Strong leaders needed to address institutional racism, say experts

In the wake of the death of George Floyd at the hands of police in Minneapolis, and the mass protests that followed, it will take strong leaders to help change longstanding institutional racism in the U.S., according to two experts from the National Preparedness Leadership Initiative (NPLI), a joint program of Harvard T.H. Chan School of Public Health and the Harvard Kennedy School Center for Public Leadership.

Eric McNulty, associate director of NPLI and an instructor at the Harvard Chan School, and Lisa Flynn spoke about leadership in times of crisis on the Total Information AM Weekend radio show on station KMOX in St. Louis on May 31, 2020.

“The leadership that is necessary to change the complex and pervasive issues that are racism, and social determinants of health, socioeconomic issues, and the history of policing—that has to come from the top,” Flynn said. Mayors, governors, city councilors, and legislative leaders “need to start working on these complex issues with the people who have been on the ground doing the work, studying, and coming up with the recommendations,” she said.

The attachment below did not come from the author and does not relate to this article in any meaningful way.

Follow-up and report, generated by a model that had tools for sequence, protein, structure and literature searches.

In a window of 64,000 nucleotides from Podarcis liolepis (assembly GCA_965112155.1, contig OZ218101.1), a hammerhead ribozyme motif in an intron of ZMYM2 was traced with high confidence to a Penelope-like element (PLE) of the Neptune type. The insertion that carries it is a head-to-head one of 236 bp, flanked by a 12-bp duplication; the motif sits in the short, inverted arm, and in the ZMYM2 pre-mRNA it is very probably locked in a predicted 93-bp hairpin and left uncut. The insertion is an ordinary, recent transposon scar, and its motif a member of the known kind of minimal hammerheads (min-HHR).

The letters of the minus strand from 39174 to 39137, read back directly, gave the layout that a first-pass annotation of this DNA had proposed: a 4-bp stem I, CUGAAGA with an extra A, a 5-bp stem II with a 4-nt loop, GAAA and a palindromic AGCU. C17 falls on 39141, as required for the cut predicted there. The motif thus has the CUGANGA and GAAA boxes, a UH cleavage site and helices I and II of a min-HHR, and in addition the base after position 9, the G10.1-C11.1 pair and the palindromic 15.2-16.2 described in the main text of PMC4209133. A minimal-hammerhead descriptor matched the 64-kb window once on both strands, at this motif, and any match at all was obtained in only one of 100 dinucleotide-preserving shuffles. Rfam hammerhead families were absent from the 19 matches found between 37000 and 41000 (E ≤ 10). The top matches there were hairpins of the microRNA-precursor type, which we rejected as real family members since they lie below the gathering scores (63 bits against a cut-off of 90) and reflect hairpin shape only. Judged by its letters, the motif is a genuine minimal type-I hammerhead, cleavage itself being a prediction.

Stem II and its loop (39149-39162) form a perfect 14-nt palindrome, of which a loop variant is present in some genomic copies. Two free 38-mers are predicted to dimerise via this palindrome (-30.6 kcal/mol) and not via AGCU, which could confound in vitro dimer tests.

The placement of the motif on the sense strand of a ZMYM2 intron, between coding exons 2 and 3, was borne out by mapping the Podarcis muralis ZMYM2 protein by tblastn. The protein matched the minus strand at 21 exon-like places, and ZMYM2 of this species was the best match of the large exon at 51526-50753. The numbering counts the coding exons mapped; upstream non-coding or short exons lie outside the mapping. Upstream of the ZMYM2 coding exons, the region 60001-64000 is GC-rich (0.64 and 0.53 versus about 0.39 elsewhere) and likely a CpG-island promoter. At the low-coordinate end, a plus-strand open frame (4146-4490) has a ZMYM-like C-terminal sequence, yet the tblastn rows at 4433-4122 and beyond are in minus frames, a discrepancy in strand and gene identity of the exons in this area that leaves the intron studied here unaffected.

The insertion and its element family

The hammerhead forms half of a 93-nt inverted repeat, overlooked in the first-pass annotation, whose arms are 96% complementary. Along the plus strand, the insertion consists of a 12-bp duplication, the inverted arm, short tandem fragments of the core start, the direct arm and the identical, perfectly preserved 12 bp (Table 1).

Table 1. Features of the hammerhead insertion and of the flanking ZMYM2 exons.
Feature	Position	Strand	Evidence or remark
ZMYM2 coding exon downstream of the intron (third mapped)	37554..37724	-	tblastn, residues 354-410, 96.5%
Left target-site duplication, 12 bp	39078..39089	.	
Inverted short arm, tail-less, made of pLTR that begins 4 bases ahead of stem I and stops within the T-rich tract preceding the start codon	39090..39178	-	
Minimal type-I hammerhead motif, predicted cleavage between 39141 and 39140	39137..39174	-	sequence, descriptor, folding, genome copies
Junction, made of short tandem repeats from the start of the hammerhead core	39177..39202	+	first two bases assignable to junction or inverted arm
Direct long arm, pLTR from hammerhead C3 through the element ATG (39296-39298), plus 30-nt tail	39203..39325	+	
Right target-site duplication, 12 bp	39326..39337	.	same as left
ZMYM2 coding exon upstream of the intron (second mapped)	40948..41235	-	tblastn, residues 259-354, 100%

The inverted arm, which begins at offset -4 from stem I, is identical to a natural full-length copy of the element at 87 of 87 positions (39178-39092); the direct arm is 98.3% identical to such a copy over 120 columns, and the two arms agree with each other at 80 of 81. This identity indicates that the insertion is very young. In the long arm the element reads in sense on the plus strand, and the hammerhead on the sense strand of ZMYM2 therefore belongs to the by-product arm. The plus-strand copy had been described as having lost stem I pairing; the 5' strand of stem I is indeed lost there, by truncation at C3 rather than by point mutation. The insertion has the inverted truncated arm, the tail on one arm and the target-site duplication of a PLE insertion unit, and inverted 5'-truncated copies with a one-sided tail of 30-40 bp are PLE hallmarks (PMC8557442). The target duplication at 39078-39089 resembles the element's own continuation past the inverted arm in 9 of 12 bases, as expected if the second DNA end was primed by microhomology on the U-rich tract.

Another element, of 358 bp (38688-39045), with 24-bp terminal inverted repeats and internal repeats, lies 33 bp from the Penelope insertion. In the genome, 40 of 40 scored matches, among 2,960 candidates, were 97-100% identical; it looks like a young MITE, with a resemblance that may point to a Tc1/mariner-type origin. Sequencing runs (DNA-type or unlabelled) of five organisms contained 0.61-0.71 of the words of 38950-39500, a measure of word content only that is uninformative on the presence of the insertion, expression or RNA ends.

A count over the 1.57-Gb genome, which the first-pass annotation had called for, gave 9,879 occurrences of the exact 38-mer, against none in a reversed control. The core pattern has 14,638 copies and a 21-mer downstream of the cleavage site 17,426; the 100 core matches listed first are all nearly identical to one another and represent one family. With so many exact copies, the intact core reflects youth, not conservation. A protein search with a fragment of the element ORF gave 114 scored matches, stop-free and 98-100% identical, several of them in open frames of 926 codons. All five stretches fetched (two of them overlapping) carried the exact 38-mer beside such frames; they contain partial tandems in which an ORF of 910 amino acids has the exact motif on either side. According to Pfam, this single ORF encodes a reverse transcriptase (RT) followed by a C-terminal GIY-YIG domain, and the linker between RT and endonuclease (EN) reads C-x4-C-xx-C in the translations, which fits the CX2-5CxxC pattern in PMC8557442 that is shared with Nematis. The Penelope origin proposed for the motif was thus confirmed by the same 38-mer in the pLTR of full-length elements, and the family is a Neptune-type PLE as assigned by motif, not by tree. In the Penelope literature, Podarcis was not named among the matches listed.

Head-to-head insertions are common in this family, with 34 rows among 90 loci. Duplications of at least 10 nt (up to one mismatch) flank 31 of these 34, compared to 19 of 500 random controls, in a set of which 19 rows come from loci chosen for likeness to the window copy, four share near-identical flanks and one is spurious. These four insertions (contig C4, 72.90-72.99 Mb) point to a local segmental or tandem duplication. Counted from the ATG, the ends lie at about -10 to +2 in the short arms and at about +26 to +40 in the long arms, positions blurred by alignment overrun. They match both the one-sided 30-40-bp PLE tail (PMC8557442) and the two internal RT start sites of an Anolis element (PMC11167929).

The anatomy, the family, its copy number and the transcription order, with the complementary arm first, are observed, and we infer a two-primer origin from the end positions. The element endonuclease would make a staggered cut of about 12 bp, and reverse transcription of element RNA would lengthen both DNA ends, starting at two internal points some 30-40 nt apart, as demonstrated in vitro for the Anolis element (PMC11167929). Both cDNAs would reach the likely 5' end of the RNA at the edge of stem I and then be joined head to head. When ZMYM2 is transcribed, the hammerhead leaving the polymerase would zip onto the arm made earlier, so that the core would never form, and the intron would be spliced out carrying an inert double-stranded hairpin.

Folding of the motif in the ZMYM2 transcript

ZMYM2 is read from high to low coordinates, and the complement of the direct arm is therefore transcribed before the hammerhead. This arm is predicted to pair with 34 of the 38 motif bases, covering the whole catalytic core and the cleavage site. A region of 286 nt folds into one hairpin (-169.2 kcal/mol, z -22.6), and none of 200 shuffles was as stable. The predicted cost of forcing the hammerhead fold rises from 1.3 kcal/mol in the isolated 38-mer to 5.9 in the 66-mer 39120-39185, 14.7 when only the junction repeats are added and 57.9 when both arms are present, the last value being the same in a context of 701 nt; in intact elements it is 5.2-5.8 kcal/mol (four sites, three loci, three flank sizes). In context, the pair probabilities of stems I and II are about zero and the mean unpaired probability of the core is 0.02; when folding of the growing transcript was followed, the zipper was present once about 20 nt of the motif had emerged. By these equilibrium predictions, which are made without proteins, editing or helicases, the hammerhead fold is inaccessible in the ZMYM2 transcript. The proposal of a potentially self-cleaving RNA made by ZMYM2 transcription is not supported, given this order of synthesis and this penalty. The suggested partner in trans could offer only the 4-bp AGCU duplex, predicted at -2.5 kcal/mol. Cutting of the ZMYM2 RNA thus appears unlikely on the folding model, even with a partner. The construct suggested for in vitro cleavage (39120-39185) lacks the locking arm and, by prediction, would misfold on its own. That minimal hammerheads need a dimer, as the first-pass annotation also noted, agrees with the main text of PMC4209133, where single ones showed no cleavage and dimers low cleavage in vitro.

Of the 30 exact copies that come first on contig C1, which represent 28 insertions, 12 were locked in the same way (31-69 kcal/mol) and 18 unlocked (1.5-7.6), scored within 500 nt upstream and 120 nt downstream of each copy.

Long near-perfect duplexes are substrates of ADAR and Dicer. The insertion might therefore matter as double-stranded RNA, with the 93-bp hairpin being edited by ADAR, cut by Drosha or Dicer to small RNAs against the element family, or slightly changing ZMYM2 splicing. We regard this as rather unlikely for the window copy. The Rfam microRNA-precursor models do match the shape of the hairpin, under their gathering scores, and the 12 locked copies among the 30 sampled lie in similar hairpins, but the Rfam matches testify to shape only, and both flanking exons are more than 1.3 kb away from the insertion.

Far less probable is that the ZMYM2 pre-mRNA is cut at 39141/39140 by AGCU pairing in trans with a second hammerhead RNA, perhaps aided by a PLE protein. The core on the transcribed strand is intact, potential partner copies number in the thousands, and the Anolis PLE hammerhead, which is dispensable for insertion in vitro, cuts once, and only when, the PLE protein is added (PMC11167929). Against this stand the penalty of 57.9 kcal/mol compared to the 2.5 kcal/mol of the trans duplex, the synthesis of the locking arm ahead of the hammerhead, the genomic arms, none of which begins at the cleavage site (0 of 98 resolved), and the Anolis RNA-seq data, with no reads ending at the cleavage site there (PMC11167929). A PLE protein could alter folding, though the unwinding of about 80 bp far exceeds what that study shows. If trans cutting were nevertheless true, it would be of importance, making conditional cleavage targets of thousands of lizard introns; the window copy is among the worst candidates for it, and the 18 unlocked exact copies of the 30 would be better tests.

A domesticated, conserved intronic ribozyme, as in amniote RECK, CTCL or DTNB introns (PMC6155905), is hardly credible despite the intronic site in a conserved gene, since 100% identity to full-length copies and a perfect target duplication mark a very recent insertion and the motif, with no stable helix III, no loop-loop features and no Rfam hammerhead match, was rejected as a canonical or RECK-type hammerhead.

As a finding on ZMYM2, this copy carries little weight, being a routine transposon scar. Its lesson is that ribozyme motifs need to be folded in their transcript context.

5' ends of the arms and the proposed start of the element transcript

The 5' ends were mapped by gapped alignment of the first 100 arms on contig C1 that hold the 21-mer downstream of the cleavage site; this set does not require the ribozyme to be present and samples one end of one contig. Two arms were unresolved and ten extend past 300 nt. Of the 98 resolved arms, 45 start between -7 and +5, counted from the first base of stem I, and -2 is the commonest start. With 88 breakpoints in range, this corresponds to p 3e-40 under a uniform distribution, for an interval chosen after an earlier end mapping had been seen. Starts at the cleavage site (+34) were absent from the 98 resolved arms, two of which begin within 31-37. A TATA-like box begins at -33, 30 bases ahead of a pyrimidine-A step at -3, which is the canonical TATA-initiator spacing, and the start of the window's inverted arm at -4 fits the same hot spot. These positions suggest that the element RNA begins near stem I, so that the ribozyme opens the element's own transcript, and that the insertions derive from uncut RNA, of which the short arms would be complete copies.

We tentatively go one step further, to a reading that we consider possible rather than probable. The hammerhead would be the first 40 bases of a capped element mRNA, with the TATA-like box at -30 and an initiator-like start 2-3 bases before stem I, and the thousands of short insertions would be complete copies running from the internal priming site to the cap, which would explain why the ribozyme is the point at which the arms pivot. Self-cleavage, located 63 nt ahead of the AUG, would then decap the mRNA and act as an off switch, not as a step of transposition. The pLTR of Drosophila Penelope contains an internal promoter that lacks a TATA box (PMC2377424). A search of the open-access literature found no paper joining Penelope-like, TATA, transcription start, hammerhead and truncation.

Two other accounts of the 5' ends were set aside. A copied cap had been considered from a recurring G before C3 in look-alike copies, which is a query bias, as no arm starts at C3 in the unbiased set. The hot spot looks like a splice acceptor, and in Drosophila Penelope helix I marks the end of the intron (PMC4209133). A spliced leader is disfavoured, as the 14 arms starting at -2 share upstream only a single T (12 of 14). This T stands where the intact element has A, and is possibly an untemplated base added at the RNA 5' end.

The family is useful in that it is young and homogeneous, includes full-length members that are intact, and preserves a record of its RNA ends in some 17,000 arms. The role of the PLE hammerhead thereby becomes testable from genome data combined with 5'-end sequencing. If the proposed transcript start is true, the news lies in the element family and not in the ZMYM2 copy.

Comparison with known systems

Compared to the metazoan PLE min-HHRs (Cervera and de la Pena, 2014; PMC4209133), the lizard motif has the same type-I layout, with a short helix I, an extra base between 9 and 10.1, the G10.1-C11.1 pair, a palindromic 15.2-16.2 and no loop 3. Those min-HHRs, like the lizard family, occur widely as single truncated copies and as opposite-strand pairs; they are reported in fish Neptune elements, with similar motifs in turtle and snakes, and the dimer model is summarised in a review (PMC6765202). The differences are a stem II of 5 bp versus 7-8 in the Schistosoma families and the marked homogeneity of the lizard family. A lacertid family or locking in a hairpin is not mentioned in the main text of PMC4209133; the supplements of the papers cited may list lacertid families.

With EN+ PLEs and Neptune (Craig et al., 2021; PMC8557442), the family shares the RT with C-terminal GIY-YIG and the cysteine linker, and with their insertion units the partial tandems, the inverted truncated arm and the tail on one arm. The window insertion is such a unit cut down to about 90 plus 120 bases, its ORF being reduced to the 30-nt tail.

Said McNulty, “The things that we’re seeing right now didn’t just pop up out of nowhere. There are some systemic long-term problems that need to be addressed, and they need to be addressed at a systemic level.”

Both McNulty and Flynn emphasized the importance of continuing the difficult work of addressing systemic racism over the long term, even after protests have ended and people’s motivation for demanding change may have faded.

Read the KMOX article: Researchers: Committed leadership needed to bridge racial divide

Listen to the KMOX interview: Leadership in Times of Crisis